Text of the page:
By Johan Arriffin
When Zamihan Mat Zin, an officer at the Malaysian Islamic Development Department (Jakim), spewed his racial filth on Malaysians of Chinese origin and criticised the sultan as seen on YouTube, people were shocked by his crudeness and the absurdity of his speech.
What was more disturbing was that he was employed by Jakim, the controversial department under the Prime Minister’s Department with a yearly budget of RM1 billion. There are not much details about how this RM1 billion is spent annually.
Jakim was established in 1997 to take over Islamic affairs, focussing on policy, human resources and management. Its core business is religious development and the development of the halal market.
In 2015, a G25 member and former Umno MP, Tawfik Ismail, criticised Jakim’s overlapping role and was subsequently investigated for sedition. Tawfik stood his ground and said he was firm in his conviction that matters of religion were solely the purview of the rulers, as enshrined in the Federal Constitution.
He added that Jakim under the Prime Minister’s Department was usurping the role of the sultans and state religious authorities.
Soon after, the Sultan of Johor joined in the fray and queried Jakim on its RM1 billion budget and how the money was spent. In an interview, the ruler reminded Jakim that the Conference of Rulers was the highest authority on Islamic matters and that the agency’s function was only advisory.
“We are the heads of religion in our own states. Jakim can give advice or propose guidelines but it is up to us whether we want to accept it or not,” he said.
The scrutiny over its accounts followed claims by critics that the agency was promoting hardline Islamism through its programmes, which in turn was slowly steering Malaysia towards Islamic conservatism.
The Zamihan tirade on YouTube without doubt proves what critics long suspected.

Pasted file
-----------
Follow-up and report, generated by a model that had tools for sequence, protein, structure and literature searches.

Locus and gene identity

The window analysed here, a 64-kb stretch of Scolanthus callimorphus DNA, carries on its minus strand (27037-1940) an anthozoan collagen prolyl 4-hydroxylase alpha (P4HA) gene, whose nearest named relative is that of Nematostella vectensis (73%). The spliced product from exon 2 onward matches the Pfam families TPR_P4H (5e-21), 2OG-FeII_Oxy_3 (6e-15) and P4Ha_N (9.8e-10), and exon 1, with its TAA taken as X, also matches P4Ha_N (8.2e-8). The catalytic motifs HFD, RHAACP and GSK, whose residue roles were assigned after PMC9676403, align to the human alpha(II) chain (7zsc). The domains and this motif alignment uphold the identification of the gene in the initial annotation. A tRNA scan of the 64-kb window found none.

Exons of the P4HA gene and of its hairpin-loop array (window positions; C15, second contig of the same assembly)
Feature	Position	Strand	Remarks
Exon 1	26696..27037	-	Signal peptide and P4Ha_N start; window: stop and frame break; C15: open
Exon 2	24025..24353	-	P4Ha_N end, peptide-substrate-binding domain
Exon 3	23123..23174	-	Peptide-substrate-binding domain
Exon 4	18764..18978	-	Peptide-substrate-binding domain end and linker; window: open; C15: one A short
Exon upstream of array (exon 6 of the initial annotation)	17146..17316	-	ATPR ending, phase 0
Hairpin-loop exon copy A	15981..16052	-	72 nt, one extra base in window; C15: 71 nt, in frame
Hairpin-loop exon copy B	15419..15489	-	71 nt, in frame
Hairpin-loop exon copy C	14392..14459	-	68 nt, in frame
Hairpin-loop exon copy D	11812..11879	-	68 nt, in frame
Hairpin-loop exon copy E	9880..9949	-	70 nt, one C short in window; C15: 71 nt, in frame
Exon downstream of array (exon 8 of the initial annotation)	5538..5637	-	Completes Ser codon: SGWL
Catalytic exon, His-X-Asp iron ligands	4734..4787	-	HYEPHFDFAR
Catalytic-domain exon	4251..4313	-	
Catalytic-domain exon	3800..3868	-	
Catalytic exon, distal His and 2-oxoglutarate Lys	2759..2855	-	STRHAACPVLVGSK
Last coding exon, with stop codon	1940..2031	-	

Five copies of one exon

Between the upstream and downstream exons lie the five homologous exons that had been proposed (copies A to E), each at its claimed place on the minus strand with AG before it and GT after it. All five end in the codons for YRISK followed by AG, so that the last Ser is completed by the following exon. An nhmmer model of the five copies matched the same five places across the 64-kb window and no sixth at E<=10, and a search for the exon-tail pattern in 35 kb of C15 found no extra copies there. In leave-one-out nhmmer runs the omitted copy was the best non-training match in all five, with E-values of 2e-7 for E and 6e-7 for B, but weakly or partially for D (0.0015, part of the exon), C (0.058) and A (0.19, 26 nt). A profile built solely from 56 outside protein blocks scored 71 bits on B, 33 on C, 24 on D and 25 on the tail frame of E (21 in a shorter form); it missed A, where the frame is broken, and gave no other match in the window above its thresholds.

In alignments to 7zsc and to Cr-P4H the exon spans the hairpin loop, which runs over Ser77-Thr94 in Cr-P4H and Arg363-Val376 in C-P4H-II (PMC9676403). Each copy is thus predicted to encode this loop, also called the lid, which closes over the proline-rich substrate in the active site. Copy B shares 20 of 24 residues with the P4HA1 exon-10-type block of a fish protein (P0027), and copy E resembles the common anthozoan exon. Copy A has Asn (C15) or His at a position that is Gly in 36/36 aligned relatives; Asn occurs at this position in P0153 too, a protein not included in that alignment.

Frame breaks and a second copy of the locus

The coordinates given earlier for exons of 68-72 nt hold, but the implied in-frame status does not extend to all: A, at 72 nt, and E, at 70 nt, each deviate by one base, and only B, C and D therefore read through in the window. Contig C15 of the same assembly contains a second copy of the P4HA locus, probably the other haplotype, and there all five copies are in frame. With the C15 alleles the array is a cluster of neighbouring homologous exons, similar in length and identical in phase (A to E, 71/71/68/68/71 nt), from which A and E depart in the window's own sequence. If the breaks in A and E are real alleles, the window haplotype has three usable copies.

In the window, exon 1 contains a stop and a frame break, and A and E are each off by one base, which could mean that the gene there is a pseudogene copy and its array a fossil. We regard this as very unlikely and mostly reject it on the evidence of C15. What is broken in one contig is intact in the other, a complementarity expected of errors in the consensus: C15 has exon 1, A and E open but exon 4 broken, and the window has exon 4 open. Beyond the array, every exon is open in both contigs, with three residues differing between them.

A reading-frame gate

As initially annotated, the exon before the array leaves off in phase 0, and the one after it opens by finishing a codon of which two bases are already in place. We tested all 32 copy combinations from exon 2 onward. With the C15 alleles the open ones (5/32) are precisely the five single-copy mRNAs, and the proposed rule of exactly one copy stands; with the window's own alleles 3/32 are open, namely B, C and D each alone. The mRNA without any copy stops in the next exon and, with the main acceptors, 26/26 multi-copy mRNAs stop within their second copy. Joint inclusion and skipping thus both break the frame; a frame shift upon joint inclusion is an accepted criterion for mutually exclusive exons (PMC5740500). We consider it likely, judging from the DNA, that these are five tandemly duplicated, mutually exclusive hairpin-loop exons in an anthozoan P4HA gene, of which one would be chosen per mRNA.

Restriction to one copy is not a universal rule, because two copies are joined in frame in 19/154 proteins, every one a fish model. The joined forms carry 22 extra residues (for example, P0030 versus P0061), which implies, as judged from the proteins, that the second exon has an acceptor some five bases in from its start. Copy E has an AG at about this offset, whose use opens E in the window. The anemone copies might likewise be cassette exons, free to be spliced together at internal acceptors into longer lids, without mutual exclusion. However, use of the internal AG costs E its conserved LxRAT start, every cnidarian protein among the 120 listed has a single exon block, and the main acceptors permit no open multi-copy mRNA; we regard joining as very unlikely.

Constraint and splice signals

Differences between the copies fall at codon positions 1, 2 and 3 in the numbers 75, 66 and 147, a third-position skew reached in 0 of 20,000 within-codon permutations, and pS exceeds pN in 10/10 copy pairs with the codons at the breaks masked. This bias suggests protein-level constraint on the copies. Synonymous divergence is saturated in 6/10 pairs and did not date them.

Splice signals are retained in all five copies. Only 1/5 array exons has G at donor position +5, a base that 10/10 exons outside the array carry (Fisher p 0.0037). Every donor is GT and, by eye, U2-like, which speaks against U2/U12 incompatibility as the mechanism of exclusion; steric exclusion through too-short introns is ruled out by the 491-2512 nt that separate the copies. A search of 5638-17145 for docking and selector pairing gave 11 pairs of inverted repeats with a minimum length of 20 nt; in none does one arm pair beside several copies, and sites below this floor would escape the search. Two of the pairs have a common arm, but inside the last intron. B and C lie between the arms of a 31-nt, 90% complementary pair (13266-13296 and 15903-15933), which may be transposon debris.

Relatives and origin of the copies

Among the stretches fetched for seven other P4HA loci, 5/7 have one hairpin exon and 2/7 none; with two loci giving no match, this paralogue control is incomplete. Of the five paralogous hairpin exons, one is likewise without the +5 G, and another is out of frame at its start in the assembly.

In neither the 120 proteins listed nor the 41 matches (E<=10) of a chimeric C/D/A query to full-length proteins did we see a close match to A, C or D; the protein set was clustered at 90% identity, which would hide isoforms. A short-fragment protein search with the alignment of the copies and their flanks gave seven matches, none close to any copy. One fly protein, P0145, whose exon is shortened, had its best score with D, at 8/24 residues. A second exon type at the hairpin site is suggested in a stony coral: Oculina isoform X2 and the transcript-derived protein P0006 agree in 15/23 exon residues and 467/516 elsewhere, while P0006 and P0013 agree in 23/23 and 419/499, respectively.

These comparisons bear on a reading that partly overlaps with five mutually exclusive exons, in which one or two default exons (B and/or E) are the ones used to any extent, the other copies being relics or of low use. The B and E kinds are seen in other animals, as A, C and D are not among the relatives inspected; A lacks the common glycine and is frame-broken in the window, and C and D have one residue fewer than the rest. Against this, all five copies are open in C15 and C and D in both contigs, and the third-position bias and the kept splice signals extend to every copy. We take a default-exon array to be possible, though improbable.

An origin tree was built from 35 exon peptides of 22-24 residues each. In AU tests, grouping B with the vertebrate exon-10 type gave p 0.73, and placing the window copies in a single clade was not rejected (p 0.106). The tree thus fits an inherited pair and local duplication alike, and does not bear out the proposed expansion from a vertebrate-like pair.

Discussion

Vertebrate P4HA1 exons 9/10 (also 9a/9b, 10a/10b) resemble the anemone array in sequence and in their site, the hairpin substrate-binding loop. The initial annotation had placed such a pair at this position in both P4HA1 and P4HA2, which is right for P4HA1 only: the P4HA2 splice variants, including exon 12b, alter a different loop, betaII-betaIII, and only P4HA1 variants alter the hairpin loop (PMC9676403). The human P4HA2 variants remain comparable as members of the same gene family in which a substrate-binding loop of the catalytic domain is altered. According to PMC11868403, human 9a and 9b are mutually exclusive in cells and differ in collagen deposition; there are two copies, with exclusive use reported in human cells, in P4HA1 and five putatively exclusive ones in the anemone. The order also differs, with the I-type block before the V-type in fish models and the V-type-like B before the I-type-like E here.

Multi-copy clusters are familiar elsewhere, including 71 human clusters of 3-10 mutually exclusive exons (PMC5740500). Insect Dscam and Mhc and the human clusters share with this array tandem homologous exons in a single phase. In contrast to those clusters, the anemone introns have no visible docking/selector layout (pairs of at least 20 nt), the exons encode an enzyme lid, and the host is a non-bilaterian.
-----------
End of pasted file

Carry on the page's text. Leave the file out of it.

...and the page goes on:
People would not believe that Jakim was unaware of what was going on under its very nose especially since it was confirmed that Zamihan was assigned to the home ministry, a ministry entrusted with the internal security of the nation.
Even lecturer Ridhuan Tee Abdullah, a Muslim convert of Chinese origin felt hot under the collar and disagreed with Zamihan’s statements. He argued that the Chinese community are known for keeping themselves and their environment clean, and urged readers to examine the restaurants, homes and workplaces owned by Chinese. He said it was rare for him to encounter Chinese homes that were dirty.
What is interesting about this issue is that Raja Petra Kamarudin, the so-called “No Holds Barred” blogger has come out to condemn Jakim over this incident. I don’t normally read his blogs as I consider him a turncoat many times over and now a pro-Umno blogger. It’s hard to trust a man who jumps ship frequently.
He related his case when he was put under ISA in 2008 when Jakim alleged he had insulted Islam. Raja Petra stated that he had never forgiven Jakim for the mental torture they subjected him to.
“If they had opened my cell door instead of shouting at me through the peep hole, I would have killed them with my bare hands. Today, Zamihan Mat Zin of Jakim has been arrested. I am so happy that it has finally happened after nine years of what they did to me. I will be even happier if he can be kept in jail until the day he dies.”
To cap off his very emotional and personal story, Raja Petra said, “Oh, and one more thing, I told the SB officers that Muslims are Islam’s worst enemies. We do not need Jews, Christians, Hindus, Buddhists, etc, to destroy Islam. They should all just sit back and watch Muslims destroy Islam all by themselves”.
For Raja Petra, this is karma. Those who have been detained under the ISA like Dr Jeffrey Kitingan will tell you similar stories of mental torture and inhumane treatment at the hands of interrogators.
I don’t support Raja Petra, but as a Muslim I feel his pain and anguish and I don’t wish for anyone to experience the same.
Big budget, more problems